Unit 3 - Characteristics of Electricity
- Chapter 9 - Static Electricity
- Chapter 10 - Electricity on the Move
- Chapter 11 - Practical Electricity
- Chapter 12 - Electricity and the Environment
Overall Expectations for this Unit
- describe and apply models of static and current electricity
- design and conduct investigations into electrical circuits found in everyday life and into the quantitative relationships among current, potential difference, and resistance.
- evaluate the social, economic, and environmental costs and benefits arising from the methods of electrical energy production used in Canada
Chapter 9 - Static Electricity
- 9.1 Static Electricity All Around Us
- 9.2 Making Sense of Static Electricity
- 9.3 Explaining Static Electricity
- 9.4 Controlling Static Electricity
In this chapter students will learn how electric charges have the ability to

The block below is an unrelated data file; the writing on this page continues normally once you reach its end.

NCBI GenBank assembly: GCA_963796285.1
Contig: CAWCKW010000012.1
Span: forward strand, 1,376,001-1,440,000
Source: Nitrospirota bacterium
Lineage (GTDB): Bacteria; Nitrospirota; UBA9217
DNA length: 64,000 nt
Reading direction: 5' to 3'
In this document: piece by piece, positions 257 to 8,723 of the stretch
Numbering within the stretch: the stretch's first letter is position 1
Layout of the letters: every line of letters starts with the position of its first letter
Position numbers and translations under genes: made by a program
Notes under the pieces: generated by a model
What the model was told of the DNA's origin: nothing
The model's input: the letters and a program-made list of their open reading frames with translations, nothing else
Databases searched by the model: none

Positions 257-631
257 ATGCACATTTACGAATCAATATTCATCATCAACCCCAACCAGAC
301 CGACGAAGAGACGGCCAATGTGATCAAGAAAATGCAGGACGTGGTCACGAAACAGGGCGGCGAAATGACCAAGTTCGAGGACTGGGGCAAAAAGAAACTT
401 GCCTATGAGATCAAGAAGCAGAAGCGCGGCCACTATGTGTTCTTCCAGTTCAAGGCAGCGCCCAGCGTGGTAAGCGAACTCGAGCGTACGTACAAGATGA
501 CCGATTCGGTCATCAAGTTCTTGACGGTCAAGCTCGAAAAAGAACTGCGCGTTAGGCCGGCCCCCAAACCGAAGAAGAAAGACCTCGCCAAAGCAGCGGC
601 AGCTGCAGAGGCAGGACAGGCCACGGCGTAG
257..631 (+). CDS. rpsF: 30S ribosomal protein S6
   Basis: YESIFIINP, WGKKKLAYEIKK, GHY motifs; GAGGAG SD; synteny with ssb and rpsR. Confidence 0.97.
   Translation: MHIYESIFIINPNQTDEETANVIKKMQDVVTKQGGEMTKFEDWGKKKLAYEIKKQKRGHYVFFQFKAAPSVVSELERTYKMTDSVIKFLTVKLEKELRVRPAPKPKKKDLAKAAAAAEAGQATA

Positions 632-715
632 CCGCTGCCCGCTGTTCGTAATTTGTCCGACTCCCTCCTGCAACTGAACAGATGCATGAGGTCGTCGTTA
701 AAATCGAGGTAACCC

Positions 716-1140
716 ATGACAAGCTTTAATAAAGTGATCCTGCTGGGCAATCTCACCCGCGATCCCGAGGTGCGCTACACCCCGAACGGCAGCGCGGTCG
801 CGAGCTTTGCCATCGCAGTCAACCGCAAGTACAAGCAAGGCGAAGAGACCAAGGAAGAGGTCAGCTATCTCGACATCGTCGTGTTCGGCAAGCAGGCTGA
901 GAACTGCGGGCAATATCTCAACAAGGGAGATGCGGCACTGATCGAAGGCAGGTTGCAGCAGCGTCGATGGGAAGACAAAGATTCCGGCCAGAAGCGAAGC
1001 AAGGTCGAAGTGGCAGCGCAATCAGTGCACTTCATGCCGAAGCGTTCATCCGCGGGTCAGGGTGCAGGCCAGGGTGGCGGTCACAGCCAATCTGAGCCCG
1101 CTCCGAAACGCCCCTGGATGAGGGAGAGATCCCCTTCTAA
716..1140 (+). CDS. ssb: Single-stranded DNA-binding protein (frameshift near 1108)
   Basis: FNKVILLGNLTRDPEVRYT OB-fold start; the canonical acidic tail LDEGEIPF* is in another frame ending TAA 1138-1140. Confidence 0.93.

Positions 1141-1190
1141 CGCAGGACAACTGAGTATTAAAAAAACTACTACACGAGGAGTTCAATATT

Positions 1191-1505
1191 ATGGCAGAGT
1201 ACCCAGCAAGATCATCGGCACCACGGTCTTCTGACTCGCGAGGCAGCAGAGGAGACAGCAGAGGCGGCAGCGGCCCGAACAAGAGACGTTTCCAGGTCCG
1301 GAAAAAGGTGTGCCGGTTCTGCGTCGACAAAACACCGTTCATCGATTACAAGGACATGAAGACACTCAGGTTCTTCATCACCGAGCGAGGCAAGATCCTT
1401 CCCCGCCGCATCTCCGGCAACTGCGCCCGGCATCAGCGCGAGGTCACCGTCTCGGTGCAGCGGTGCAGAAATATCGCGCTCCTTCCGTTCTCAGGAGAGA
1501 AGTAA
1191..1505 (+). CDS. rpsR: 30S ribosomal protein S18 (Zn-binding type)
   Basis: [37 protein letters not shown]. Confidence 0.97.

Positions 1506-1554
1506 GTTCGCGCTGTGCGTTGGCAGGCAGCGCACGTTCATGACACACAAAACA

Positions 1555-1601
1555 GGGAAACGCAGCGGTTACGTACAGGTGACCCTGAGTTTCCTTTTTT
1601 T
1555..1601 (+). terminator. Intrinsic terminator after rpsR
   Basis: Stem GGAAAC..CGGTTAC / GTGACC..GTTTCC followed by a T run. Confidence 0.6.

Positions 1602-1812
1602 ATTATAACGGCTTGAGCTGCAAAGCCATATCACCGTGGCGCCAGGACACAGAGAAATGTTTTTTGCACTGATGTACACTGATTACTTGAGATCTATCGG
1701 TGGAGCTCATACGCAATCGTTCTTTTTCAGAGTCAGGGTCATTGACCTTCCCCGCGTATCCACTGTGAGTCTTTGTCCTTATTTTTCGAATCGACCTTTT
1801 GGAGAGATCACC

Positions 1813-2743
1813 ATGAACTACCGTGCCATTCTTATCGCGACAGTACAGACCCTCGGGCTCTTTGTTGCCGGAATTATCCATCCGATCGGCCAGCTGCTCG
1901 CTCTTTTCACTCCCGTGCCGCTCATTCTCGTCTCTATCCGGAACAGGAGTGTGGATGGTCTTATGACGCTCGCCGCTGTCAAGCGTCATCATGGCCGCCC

create fantastical occurances. Students realize how objects become charged and learn how
to use these electric charges in their own way. Lightening is also discussed.
Chapter 10 - Electricity on the Move
- 10.1 Pushing Charges Around
- 10.2 Energized and De-energized Charges
- 10.3 Resisting the Movement of Charge
- 10.4 Powerful Changes
This chapter studies the concept of electricity. Students learn about the fundamental
parts of a circuit used to turn on a light, heat up some mac and cheese, or turn off the
television. Students define words such as potential difference, current, resistance, and power.
Chapter 11 - Practical Electricity
- 11.1 Practical Circuits
- 11.2 Comparing Circuits
- 11.3 Electrical Energy in the Home
Students discover the way in which electrical circuits are used in the home and investigate
ways to reduce the amount of energy they use. They will also learn
how to calculate the cost of operating an electrical device.
Chapter 12 - Electricity and the Environment
- 12.1 Portable Power
- 12.2 Practical Cells and Batteries
- 12.3 Stationary Power
- 12.4 Electrical Energy and the Environment
- 12.5 Alternative Sources of Energy
In this chapter, students discover how chemical reactions make electricity. They also learn
the most commonly used forms of energy that generate electricity, the difference
between renewable and non-renewable energy, and the main difference between primary and secondary cells.